Gray Whale Smacks Surfer Who Gets Too Close to Baby

"He got smacked down," a nearby boater said. "It wasn't like she was out to kill him. She was like `No, you're not supposed to be over here.'"

A Southern California surfer has learned the hard way not to come between a momma gray whale and her baby.

Captain Dennis Longaberger's Sunset Kidd boat tour group was watching two mother whales nurse their babies Friday off the Santa Barbara coast when a surfer paddled out in the middle of them.

The group gasped as suddenly, Longaberger said one mother used one of her large pectoral fins to smack him away from her baby. The force brought the surfer down under water for roughly 30 seconds.

His blue soft top surfboard shot about 5 feet in the air. Finally, the surfer resurfaced, grabbing his board and paddling back to the beach, where a bystander took him to the hospital.

"He got smacked down," Longaberger said. "It wasn't like she was out to kill him. She was like `No, you're not supposed to be over here.' This is a large animal, about 45 feet long, and her fin's got some serious power."

On Monday, the surfer looked up Longaberger to compare notes. He'd only seen one whale and couldn't clearly tell what was happening. Longaberger said he appeared to be black and blue all over, but had no broken bones.

The gray whales travel down to Mexico to give birth in warmer waters before traveling up along the coast toward Alaska, where there is more food, said Longaberger, who's watched whales for 27 years.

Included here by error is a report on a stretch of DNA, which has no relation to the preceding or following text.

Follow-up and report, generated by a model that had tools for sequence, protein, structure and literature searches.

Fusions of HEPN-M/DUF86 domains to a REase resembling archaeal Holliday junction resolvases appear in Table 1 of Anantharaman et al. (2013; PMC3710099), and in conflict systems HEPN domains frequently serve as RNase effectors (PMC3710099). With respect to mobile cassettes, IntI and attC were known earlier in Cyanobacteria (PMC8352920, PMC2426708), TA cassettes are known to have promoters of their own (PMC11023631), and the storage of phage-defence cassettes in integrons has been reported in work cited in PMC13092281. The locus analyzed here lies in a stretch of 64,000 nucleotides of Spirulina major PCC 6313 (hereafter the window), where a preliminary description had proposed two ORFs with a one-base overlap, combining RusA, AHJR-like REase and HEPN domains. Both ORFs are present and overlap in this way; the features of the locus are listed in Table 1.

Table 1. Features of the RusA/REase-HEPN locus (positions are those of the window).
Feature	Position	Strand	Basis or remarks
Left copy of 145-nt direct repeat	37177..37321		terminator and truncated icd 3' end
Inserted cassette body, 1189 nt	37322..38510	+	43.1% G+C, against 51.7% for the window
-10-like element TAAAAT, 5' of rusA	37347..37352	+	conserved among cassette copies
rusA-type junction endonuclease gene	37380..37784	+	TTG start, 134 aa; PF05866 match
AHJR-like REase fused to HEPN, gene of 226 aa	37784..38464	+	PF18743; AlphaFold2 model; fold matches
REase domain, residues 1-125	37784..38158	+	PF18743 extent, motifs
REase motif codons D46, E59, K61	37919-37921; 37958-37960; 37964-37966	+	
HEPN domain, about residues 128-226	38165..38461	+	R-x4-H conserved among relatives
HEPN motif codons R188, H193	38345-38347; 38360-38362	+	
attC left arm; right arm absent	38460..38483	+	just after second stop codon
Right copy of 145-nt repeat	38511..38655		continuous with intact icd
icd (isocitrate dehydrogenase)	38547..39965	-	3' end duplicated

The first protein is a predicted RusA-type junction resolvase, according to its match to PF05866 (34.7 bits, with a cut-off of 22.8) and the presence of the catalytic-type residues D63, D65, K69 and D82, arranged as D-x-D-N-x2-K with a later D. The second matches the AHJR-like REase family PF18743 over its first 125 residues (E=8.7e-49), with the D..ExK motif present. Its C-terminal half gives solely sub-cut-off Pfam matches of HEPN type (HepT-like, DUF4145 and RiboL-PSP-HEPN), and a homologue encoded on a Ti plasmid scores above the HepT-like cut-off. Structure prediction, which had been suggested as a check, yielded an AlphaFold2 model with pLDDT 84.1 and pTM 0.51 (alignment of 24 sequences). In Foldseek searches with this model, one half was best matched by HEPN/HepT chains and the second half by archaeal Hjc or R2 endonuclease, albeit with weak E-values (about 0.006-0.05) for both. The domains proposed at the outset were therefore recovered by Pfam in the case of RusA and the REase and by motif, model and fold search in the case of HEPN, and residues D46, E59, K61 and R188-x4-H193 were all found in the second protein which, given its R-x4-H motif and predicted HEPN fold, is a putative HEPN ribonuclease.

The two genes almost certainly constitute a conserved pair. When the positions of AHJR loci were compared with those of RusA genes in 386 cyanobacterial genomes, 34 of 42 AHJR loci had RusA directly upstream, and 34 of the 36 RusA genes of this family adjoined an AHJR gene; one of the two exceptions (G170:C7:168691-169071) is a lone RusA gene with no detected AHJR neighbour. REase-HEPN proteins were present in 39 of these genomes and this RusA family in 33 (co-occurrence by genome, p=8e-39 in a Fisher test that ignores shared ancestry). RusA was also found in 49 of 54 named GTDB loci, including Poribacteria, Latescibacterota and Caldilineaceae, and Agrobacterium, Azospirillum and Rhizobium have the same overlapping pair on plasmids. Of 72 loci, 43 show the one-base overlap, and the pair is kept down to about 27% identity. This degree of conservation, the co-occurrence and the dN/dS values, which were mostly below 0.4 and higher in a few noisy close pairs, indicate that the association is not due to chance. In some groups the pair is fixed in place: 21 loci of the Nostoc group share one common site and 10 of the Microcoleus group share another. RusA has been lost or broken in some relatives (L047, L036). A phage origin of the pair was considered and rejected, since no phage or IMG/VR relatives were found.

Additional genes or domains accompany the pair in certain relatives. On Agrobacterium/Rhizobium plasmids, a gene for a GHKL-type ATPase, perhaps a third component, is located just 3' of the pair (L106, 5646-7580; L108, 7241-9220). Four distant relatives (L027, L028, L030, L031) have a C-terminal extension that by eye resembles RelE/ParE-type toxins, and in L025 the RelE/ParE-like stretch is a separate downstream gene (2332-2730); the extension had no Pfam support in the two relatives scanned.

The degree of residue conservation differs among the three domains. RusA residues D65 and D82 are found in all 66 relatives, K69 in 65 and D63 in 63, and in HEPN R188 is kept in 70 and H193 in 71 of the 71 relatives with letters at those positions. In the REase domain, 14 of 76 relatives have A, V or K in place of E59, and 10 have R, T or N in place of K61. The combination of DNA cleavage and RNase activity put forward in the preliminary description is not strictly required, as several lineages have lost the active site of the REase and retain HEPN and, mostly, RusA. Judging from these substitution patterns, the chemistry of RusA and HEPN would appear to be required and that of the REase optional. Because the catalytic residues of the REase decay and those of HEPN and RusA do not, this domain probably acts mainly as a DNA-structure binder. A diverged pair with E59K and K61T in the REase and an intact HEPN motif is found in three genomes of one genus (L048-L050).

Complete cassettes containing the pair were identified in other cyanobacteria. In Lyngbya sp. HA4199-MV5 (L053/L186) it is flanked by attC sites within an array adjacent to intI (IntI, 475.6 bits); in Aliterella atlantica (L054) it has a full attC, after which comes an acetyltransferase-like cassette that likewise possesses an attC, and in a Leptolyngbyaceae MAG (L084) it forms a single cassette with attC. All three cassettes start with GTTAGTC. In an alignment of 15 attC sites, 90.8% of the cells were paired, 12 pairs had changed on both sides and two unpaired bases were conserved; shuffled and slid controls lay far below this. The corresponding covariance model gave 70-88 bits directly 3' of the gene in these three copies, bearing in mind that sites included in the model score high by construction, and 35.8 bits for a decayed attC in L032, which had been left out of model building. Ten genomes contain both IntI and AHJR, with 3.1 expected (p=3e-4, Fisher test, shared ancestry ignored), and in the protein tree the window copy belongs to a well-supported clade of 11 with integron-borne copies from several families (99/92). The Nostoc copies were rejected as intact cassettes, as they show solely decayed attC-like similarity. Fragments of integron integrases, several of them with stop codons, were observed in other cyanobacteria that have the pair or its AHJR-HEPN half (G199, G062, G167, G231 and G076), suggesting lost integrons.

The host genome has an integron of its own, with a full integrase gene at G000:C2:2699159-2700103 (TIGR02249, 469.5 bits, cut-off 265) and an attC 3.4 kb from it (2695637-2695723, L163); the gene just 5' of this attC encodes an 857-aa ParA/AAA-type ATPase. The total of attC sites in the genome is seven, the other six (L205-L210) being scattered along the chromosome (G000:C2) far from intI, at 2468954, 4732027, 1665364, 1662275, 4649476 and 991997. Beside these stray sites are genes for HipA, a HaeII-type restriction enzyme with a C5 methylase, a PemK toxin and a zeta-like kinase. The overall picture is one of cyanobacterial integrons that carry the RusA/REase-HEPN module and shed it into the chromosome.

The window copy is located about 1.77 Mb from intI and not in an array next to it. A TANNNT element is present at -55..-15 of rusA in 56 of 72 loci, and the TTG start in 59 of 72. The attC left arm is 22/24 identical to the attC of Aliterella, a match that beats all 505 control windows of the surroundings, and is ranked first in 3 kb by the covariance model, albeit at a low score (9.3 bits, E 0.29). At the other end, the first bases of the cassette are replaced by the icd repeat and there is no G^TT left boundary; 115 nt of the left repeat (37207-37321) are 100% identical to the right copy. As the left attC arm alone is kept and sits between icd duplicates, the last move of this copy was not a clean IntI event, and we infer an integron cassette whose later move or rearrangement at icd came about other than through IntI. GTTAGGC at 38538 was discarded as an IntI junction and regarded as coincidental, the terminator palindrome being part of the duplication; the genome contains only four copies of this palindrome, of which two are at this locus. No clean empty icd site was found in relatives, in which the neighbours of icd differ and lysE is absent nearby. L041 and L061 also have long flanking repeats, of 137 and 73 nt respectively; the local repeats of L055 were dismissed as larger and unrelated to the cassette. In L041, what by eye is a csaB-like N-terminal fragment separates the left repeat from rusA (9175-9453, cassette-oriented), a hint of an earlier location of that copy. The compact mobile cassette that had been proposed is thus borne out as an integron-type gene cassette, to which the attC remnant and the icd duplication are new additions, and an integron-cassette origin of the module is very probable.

Because killer whales frequently lie in wait along the California coast during this time of year, the gray whales will travel closer to shore to protect their babies, stopping occasionally to give them milk.

The mother will turn her belly sideways, her tail tipped out of the water, as her baby tees up next to her to drink.

It's around this time too that surfers, kayakers and beach-based bystanders are more frequently able to see the whales and come into contact with them.

"As long as you're not aggressive to these animals, these animals are extremely courteous," Longaberger said. "For such a huge animal they eat really little tiny things, they're mammals like we are. They're the most hospitable animals."

He added: "But they've got to defend their child like anyone would."

Copyright AP - Associated Press
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